Recent legal change to affect couples without a Will
There are many assumptions around the issue of who would inherit after a death. Vincents Solicitors Patricia Prescott takes a look at recent changes in the intestacy law and helps to set the record straight.
“Intestacy is what kicks in when someone dies without a Will in place. That’s when the law has to get involved in deciding how to split and allocate an inheritance.
“There’s a set structure to this, as the flowchart below clearly demonstrates. What often catches people out, however, is the assumption that a surviving partner will automatically inherit everything.
“Without a Will, that is simply not true.
“Without a Will, the Intestacy Rules are applied and there is only one circumstance in which a surviving partner will inherit everything – if they were officially married or in a civil partnership and the deceased person had no children.
“Without a marriage or civil partnership certificate, the surviving partner has no claim to the estate and everything will go to any surviving children, parents, siblings, grandparents or aunts and uncles as outlined below.
“So if you are in a relationship and live in the same house – which is owned by only one of you – a Will is absolutely crucial to ensure the surviving partner is able to remain in the property.
“Similarly, for partners who are officially married or in a civil partnership, the full inheritance is not automatic if the person who died had children. Intestacy rules provide a portion of the estate to their children.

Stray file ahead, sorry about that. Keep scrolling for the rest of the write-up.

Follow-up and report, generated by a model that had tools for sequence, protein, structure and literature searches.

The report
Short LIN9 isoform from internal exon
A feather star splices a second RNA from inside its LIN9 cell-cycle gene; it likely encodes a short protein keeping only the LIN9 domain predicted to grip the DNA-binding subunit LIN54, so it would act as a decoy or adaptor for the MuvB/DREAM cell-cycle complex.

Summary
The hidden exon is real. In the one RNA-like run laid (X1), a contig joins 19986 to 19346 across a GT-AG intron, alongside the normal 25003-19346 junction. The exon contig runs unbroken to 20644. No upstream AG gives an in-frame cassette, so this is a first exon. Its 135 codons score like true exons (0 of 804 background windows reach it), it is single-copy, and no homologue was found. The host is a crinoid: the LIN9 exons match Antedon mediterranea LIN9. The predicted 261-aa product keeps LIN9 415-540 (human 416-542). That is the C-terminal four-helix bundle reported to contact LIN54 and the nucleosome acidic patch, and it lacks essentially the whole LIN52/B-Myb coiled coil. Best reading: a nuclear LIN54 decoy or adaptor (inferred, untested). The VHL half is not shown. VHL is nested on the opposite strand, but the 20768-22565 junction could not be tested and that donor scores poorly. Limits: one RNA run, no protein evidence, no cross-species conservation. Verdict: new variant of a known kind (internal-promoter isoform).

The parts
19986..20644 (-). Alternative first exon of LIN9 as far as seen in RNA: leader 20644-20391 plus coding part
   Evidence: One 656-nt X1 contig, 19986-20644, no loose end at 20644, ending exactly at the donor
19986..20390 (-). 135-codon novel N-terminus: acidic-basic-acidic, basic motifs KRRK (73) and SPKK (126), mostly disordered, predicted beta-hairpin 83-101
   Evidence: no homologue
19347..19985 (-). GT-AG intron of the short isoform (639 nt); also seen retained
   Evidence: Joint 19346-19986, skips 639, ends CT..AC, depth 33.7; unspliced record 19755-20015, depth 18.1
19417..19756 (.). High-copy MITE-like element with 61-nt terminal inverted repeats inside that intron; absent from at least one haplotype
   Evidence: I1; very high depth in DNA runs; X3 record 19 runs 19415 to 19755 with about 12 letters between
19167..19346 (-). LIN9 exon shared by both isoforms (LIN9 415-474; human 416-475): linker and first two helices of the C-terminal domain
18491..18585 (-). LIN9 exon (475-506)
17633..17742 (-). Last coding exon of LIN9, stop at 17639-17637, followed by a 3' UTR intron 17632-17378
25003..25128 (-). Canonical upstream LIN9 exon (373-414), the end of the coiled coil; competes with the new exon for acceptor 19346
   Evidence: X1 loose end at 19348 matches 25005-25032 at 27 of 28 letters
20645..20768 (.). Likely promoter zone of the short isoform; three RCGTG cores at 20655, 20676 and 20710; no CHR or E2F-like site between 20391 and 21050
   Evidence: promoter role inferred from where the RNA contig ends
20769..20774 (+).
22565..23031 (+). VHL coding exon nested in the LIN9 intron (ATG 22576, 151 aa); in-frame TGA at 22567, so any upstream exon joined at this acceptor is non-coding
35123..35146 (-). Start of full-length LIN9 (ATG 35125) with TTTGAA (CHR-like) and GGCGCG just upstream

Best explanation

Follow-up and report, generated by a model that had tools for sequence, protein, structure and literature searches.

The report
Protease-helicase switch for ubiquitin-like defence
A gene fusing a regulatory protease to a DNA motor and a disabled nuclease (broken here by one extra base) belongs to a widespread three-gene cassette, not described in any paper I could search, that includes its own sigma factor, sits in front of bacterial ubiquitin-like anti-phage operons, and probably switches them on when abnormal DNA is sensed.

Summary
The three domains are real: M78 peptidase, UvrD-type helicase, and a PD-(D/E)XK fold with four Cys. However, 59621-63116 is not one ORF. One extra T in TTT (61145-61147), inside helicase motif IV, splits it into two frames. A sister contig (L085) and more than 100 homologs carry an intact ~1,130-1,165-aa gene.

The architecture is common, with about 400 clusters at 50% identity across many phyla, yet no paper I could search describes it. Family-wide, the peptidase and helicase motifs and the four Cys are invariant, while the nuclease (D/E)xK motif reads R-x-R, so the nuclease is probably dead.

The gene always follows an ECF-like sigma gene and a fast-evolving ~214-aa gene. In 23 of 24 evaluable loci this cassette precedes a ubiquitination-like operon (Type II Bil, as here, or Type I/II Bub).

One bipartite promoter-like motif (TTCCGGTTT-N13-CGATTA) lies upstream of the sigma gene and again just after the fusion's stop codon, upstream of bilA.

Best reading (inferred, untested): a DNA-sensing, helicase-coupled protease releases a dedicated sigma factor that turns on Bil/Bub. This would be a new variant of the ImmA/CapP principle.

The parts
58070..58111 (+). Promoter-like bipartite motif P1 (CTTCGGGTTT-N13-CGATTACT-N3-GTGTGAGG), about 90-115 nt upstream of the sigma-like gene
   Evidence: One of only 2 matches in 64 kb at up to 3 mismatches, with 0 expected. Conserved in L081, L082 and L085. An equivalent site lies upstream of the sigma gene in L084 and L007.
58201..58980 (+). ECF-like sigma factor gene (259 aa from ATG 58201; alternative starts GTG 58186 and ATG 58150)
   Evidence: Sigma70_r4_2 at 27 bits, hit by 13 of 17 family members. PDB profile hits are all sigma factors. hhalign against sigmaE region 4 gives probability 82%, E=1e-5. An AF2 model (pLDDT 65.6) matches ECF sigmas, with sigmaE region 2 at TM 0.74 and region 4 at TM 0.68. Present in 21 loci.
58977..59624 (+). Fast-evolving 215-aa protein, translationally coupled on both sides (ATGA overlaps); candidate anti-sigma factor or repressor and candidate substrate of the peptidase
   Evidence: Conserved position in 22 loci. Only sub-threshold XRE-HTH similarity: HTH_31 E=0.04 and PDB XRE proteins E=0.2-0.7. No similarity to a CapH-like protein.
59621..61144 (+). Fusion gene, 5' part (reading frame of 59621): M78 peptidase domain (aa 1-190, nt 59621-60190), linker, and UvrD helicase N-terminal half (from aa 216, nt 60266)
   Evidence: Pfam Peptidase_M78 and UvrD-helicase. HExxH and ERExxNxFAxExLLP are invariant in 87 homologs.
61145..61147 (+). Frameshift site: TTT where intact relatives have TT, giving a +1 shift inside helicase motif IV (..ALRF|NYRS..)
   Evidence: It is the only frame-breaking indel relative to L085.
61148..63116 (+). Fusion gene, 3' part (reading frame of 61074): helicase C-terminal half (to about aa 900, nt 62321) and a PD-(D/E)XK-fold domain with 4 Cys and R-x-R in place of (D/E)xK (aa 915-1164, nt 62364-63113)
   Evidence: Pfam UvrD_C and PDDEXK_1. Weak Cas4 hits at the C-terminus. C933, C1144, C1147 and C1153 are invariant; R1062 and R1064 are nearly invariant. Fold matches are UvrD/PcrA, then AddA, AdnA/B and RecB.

“The initial amount that a partner can inherit before children are considered went up last month from £270,000 to £322,000, an increase of £55,000 which broadly reflects the growth in home valuation over recent years.
“If the property is worth more than £322,000, the amount above that would be calculated and split half to the surviving partner and half between any children.
“In order for this sum to be paid, the surviving partner may have to sell the property – their home – particularly if the estate is worth considerably more than the £322,000 and it’s not possible to cover the costs another way.
“Given the intestacy process is often long and protracted, this could take years to be resolved and could create significant stress and animosity between the different parties.
“Of course it is quite simple to remove the potential for any conflict or anxiety for the surviving partner and wider family, and that is to make a Will.
“It can be done in just a few hours following a couple of conversations with a lawyer. And it doesn’t cost as much as people think. A basic Will with us here at Vincents starts from £150.
“Protect your loved ones by writing your Will as soon as possible.”
For more information contact Patricia Prescott at Vincents Solicitors in Lytham on 01772 348 922 or email PatriciaPrescott@vslaw.co.uk